Marniget alerts about this designer
Few labels have as clearly defined an image as Marni. Everyone knows that the Marni girl is artsy and Italian, an eclectic vision of bohemian chic. A woman looks to the label for loose tunics rendered in fifties and sixties prints, quirky summer dresses, or capelets in dyed fur. It's all very charming, very just-pulled-from-Grandmother's closet. Funky but sweet, never too sexy, Marni is consistently popular. (And that's true among fashion editors, too: Go to a Marni show in Milan, and half the audience has turned up cheerfully wearing it.)
The line, appropriately, came about as something of a happy accident. It was 1994, and Consuelo Castiglioni wanted a side project to her husband's fur business, so she started turning out nontraditional coats that treated fur in a contemporary way, as a fabric: "dyeing it, doing it without a lining, with just a little bit of string to close it," she explained to Vogue in 2007. Pretty soon, Castiglioni needed clothes to show beneath the fursand clients fell for those, too.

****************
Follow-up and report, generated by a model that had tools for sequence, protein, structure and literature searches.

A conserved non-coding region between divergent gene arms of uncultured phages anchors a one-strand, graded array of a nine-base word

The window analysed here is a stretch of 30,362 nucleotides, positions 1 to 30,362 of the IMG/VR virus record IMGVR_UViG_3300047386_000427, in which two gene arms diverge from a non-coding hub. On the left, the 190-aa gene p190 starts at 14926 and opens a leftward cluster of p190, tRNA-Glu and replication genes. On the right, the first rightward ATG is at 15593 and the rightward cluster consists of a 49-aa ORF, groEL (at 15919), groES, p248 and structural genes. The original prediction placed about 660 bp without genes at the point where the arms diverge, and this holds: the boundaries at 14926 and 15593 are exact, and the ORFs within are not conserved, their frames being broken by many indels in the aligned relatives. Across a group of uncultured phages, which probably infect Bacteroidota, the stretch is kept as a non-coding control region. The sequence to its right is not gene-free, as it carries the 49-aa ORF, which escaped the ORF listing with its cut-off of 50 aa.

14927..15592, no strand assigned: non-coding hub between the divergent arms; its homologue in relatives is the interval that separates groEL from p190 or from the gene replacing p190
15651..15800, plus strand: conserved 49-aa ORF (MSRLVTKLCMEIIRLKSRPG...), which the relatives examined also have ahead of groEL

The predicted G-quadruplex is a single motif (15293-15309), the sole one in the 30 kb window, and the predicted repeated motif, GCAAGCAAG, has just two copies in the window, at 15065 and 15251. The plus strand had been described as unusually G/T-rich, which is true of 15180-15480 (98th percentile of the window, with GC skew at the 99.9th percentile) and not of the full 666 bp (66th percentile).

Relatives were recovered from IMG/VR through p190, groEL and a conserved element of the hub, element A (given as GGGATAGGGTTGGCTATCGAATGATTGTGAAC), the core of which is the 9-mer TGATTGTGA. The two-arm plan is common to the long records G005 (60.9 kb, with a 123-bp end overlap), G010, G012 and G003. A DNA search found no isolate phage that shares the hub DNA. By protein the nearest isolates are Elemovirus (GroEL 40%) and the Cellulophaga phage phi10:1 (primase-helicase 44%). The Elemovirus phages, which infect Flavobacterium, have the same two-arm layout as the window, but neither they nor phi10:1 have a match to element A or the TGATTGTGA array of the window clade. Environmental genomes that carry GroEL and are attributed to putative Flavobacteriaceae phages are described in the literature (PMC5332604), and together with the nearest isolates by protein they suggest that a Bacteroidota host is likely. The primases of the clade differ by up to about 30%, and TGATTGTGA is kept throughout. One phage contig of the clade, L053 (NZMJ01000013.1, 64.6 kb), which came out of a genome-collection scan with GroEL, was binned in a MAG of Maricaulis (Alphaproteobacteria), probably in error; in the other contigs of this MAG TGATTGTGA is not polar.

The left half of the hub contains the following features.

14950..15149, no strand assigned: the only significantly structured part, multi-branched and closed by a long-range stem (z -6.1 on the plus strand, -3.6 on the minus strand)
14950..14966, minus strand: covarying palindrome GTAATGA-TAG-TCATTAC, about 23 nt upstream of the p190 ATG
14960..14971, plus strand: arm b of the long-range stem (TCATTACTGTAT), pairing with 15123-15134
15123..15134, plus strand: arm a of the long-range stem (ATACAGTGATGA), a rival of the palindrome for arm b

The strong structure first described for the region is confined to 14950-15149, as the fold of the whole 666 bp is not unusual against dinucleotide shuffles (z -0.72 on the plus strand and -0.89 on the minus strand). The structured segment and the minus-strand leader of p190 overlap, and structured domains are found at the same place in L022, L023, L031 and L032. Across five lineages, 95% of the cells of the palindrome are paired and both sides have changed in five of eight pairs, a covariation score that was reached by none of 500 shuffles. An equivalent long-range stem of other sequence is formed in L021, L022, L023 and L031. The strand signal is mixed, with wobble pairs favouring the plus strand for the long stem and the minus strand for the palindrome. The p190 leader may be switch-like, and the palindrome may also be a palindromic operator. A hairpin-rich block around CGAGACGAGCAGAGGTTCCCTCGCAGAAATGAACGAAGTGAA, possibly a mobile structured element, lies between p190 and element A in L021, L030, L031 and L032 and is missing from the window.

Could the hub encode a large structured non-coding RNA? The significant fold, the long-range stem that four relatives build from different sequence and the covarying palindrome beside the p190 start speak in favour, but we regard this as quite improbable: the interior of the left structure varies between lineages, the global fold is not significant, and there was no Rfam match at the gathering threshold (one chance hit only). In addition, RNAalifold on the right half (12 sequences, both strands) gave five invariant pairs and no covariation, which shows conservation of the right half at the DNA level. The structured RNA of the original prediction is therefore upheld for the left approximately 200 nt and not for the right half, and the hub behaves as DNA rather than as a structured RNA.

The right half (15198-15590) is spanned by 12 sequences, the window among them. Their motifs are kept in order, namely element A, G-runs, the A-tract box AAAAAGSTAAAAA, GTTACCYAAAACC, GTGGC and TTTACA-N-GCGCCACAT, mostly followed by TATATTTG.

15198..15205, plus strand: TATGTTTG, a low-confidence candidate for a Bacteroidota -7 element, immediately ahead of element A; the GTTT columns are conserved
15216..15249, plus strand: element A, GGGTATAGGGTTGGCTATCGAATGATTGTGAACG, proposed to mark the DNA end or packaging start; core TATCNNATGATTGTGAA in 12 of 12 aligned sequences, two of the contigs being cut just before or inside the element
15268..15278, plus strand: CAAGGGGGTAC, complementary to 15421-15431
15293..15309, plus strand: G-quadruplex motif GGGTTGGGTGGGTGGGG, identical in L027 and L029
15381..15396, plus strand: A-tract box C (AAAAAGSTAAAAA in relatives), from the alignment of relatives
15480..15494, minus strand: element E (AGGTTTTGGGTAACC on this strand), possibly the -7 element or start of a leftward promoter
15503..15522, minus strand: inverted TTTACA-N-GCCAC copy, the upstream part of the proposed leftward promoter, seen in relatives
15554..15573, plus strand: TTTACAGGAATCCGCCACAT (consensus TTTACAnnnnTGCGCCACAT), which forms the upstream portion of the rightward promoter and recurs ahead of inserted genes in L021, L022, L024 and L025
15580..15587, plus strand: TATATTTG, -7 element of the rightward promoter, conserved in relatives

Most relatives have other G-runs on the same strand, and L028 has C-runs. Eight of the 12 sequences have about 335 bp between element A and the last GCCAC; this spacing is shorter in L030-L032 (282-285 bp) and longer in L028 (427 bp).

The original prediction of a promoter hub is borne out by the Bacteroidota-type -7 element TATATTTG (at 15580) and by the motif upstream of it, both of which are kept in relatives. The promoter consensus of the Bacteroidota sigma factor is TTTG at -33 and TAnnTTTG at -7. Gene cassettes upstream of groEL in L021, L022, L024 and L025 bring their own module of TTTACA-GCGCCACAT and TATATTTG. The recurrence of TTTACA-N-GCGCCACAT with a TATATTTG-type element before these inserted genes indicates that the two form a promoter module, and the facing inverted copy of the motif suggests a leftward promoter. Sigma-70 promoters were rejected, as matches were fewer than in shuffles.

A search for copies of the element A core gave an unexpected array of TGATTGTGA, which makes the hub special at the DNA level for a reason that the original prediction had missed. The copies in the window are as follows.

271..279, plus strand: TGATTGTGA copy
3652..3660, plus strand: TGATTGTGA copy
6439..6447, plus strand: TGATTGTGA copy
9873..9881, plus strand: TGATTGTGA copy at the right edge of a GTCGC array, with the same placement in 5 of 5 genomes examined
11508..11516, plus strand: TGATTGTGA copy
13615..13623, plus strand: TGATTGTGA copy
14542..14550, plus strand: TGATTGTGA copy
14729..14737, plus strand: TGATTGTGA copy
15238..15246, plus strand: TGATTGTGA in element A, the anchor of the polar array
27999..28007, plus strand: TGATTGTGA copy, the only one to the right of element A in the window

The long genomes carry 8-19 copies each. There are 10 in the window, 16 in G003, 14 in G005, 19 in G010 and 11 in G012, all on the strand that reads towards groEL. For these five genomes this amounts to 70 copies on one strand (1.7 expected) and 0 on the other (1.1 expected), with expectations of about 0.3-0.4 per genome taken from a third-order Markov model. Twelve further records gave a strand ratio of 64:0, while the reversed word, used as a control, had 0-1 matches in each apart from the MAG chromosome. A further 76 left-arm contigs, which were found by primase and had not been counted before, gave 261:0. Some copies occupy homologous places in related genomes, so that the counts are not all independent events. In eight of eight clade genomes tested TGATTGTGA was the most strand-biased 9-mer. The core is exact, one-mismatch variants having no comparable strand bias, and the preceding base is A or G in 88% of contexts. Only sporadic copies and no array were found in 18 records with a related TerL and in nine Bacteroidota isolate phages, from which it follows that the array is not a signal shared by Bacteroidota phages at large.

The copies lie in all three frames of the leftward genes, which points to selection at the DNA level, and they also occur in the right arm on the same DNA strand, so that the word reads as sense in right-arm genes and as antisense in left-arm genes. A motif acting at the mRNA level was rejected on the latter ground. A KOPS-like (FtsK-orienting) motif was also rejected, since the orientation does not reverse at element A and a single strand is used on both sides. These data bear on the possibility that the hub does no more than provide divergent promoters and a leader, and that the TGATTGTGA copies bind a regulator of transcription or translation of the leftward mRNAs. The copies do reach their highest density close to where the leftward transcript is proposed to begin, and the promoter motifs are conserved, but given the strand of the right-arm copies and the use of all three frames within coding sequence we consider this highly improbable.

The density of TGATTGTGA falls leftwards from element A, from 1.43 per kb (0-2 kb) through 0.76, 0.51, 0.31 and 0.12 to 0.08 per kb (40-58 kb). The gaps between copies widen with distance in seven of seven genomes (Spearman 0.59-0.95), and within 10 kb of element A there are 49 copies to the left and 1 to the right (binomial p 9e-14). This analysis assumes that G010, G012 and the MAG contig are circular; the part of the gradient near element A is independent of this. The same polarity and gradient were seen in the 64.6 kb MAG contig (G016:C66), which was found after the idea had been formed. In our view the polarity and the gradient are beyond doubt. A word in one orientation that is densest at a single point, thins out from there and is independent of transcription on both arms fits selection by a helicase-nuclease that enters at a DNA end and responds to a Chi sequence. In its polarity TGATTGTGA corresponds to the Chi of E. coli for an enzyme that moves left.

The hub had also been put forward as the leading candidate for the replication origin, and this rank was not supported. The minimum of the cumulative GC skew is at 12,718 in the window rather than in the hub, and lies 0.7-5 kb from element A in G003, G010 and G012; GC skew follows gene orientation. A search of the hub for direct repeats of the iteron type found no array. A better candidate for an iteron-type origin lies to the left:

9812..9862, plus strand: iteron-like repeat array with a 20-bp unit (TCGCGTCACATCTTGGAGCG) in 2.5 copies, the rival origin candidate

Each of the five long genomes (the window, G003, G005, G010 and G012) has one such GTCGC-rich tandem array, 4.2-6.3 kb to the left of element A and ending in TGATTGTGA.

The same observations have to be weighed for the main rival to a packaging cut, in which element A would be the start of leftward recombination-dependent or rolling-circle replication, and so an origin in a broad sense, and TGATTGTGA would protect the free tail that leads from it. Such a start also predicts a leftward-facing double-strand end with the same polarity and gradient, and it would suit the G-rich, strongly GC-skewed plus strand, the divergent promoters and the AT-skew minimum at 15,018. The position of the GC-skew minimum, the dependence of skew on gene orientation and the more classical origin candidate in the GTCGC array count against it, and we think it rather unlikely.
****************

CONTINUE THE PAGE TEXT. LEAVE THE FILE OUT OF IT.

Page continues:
Marni is not only trendy, it has evolved into a major trendsetter, spawning an endless number of imitators looking to copy its magical hodgepodge: gorgeous prints in clashing colors, comfortable but odd-fitting shapes, billowy tunics, sport leggings with clunky shoes.
Though the label now also appears on accessories, childrenswear, and menswear, it hasn't lost the highly personalized feeling. It's not uncommon to see celebrities like Maggie Gyllenhaal or the artist Cindy Sherman sifting through the store racks, despite the company's relative lack of advertising and disdain for courting them. "When I wear a Marni piece," Gyllenhaal has said, "it feels like it was made specifically for me."
Marni: Spring 2013 Ready-to-Wear
Runway, backstage, and front-row footage from the New York show.